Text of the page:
Austen’s work, eleven to twelve chapters in the fragment, can be seen in the first half of the beginning episode of the ITV/PBS series. After that, it is all Davies, who gives Miss Georgiana Lambe, Austen’s only character who is a person of color, a name, a voice, and more significance than in the original novel, where she is literally “consigned to eternal narrative silence” with no identity (Salih 336). In the second episode, Miss Georgiana Lambe, arrives from the West Indies to be introduced to society. Lady Denham, a widow and the head of Sanditon society, hosts a luncheon and pineapple presentation in honor of the unusualness of Miss Lambe’s heritage. The purpose of this event is to encourage a match for her nephew, Edward, with Miss Lambe’s money. Lady Denham even goes so far as to encourage Edward to “hunt” down Miss Lambe as a potential wife.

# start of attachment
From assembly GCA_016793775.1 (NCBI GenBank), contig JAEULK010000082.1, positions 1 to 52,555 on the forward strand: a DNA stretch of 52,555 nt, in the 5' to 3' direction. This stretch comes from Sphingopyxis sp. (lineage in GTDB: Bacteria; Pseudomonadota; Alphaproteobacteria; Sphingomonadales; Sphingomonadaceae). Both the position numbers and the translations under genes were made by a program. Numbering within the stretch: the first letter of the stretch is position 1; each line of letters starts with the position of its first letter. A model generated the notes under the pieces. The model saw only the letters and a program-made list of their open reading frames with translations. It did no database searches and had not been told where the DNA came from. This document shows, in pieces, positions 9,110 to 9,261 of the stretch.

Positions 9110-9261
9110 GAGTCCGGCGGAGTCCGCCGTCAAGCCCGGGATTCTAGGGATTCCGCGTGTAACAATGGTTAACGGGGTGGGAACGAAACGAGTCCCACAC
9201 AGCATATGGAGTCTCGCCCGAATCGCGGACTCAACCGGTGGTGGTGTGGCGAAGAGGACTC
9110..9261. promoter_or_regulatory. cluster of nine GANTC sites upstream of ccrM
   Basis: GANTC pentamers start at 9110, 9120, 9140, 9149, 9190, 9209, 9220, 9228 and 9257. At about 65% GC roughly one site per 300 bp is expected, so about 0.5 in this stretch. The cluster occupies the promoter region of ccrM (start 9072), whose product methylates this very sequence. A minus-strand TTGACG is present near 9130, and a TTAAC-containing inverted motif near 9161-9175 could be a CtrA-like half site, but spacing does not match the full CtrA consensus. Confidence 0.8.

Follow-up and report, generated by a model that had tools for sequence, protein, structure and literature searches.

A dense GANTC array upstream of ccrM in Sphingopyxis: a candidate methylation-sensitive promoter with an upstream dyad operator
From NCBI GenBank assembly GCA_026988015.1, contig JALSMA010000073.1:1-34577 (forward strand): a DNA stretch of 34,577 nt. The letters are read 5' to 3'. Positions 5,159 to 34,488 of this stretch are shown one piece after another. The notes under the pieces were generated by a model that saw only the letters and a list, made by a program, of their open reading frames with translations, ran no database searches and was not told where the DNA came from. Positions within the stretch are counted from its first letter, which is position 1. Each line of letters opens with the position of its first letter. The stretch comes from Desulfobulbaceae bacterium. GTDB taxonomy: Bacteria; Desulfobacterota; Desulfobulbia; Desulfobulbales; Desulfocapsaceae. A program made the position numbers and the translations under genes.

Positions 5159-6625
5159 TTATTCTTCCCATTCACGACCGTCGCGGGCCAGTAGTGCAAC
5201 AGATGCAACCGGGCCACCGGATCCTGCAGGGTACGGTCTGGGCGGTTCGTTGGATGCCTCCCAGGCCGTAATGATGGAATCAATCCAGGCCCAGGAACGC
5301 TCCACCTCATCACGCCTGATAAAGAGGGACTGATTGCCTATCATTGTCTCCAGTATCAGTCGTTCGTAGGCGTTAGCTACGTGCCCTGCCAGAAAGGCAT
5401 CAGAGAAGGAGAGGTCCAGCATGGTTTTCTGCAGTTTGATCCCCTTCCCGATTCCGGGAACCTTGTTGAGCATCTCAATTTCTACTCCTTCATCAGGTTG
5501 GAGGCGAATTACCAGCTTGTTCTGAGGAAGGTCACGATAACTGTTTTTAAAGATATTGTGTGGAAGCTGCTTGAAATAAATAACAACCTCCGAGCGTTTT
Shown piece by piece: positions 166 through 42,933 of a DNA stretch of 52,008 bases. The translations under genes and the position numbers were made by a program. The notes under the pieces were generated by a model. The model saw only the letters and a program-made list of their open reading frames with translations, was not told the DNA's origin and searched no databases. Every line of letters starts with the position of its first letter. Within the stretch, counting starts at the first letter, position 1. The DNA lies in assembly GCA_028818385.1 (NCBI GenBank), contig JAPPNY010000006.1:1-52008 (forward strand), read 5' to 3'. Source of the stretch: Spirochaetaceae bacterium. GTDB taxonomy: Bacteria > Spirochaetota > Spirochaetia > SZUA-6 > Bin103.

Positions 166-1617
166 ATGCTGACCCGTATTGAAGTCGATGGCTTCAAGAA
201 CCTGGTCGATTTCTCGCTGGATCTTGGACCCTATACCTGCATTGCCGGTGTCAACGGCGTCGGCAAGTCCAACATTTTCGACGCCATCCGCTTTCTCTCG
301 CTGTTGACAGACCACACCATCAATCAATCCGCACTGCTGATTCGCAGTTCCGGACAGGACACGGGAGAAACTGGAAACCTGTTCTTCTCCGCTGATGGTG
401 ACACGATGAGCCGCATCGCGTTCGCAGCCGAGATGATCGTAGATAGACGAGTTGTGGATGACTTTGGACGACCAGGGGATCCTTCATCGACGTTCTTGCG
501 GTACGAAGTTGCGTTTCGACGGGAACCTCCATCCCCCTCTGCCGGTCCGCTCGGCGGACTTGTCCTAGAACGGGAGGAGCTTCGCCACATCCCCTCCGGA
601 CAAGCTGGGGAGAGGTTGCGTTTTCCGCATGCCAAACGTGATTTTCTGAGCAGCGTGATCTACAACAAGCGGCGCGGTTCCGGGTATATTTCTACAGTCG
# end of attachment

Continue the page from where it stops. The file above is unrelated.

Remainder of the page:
Davies makes it clear that Miss Lambe is “someone to be reckoned with” (Nguyen), an interpretation very different from the Miss Lambe implied in Austen’s novel. In Davies’s series, Miss Lambe is upset by Lady Denham’s promotion of the greatness of the British Empire and its whiteness through the presentation of the pineapple. She is even more outraged when Lady Denham makes the suggestion that she should be used to the idea of being owned since her mother was a slave. Despite her wealth, Miss Lambe has no real power. Neither Lady Denham nor her guests care about her discomfort. Like the pineapple, Miss Lambe is a rare commodity to be placed on display and then, when her usefulness is complete, to be promptly relegated to her proper place. When Lady Denham’s pineapple is sliced opened, maggots escape, and Lady Denham’s horrid treatment of Miss Lambe reveals both Lady Denham’s rottenness and what Nguyen describes as “the slavery and exploitation inherent in the British presence in the West Indies.”
The whitewashing of Austen, Regency England, and Britain’s colonial past